Extempore prayer vs liturgical prayer -- a response

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reform1509

Puritan Board Freshman
I highly respect the expertise on this forum and I would appreciate your assistance. Who can help me to develop a scriptural defense (on each point) in favor of extempore prayer? This is in response to J.C. Ryles famous statements on the advantages of liturgical prayers. I am trying to respond to each point. Here is what he says... (Thanks in advance for your input!)

Firstly, it makes the congregation dependent upon the minister's health, circumstances or feelings. If he is sick, or depressed in spirit by some matter, then the devotions of the congregation are bound to suffer. A minister is only a man, and if he prays extempore, his feelings must of necessity colour his prayers.

Secondly, the worship becomes dependent upon the minister's memory. He may forget many things which he ought to pray for, and which he intended to pray for. But again, he is a man, and liable to forget.

Thirdly, the congregation becomes entirely dependent upon the minister's doctrinal beliefs. He may be moving away, gradually, from the true faith ; adding to, or taking away from the Gospel. If this is happening, the people are bound to suffer, for his unsoundness will become apparent in his prayers.

Fourthly, extempore prayer makes it almost impossible for the congregation to join in public worship. They cannot know what the minister is going to pray for. They must concentrate very hard to avoid loosing the thread of the prayer. Indeed, sometimes they may not understand him because of his language.

Lastly, it must be added that, after a time, extempore prayer becomes as much a form to most congregations, as any form of prayer ever written. After a few years the congregation knows well the phrases, expressions and order of the petitions of the minister. Sometimes they can make a shrewd guess how long the prayer will last, and when it is nearing its end. When this is the case, it is just as formal to pray extempore as to pray from a book.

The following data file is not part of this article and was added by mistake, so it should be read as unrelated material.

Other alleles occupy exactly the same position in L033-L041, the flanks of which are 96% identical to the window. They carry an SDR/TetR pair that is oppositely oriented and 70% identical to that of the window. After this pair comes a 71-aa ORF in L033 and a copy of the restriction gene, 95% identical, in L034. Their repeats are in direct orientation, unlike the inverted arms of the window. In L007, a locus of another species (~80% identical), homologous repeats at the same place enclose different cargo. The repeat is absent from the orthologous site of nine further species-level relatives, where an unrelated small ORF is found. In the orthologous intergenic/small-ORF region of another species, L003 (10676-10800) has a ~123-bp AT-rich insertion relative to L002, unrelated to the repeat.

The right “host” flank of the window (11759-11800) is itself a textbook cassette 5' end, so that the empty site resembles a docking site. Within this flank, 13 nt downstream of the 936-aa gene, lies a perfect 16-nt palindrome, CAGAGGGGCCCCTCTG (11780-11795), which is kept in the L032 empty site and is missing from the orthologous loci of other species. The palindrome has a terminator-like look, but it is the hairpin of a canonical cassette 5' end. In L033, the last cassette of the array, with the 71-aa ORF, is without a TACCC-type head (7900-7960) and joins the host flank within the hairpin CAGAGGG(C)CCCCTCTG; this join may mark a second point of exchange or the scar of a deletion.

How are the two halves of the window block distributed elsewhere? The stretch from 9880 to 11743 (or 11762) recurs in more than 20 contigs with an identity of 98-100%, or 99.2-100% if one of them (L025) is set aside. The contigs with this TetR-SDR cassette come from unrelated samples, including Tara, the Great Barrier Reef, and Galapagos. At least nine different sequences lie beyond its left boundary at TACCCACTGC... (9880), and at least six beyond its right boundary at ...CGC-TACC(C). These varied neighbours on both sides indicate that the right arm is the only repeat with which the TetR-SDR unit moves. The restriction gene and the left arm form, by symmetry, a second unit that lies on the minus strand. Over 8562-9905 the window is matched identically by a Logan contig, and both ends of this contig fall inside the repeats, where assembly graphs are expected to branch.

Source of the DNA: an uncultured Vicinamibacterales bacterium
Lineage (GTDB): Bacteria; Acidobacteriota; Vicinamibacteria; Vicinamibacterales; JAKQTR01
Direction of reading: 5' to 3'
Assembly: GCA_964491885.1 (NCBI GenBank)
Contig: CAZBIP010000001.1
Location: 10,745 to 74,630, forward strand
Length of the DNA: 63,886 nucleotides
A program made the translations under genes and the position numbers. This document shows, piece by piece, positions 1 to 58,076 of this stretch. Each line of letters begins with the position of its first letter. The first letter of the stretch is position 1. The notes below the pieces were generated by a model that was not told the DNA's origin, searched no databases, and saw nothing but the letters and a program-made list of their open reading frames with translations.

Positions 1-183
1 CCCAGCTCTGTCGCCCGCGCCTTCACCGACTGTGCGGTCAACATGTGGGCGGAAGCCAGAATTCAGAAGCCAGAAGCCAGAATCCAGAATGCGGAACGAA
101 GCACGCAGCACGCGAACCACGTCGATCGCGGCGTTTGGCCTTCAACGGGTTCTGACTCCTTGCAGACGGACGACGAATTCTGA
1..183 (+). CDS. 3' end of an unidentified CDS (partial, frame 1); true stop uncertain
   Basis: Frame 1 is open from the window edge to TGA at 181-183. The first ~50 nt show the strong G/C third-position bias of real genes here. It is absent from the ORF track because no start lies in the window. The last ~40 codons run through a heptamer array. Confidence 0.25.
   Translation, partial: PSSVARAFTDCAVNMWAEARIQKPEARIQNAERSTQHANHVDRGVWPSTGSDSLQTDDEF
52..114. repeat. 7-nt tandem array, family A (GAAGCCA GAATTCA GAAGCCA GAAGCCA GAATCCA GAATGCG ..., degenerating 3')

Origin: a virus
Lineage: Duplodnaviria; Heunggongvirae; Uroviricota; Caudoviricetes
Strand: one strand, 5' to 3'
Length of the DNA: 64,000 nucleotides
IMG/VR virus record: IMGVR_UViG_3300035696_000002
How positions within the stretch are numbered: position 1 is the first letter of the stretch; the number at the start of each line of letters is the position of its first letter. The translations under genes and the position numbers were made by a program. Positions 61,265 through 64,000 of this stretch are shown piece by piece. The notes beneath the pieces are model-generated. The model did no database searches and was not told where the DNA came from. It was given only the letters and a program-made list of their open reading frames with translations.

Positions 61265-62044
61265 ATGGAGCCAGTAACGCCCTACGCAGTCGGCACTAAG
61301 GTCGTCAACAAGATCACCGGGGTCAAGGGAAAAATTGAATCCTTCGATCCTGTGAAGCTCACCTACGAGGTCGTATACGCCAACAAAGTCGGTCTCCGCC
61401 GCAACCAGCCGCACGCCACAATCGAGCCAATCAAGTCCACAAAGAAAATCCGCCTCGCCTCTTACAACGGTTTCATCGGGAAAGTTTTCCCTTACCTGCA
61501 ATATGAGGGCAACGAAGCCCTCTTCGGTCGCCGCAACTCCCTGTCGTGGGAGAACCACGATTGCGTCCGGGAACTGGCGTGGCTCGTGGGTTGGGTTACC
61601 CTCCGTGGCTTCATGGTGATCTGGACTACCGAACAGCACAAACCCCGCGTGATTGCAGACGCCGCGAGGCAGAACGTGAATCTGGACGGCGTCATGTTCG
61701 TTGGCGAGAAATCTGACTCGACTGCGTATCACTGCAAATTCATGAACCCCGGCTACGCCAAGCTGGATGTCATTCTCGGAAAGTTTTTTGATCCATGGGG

MW

Puritanboard Amanuensis
Overall, these reasons reflect a "performance-attitude" to prayer, and a perfectionist one at that, which fails to take account of its divine appointment and provisions.

On points 1 and 2, the ordinance is appointed for human weakness. The Spirit is promised and provided for this very reason, Rom. 8:26-27.

On point 3, the congregation must prove all things and hold fast that which is good. A set form is also liable to error, only the error is worsened by the fact it is now established in a set form.

On point 4, the congregation says Amen, which is all that is necessary for a congregation as such. A set form is equally prone to being misunderstood, especially if it has been composed by people from a different background. A minister called by a congregation is more likely to speak so as to be understood by the congregation.

On point 5, though extempore prayer often takes on personal forms of praying, these forms can be changed to fit special circumstances and needs of the congregation. A set form necessarily fails in this area and therefore the forms tend to be multiplied to try to accommodate diverse situations.
 
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reform1509

Puritan Board Freshman
Could anyone comment also on ways in which liturgical ideas creep into evangelical worship today? Any thoughts? What are some dangers, trends, or blind spot?

Your input is appreciated.
 
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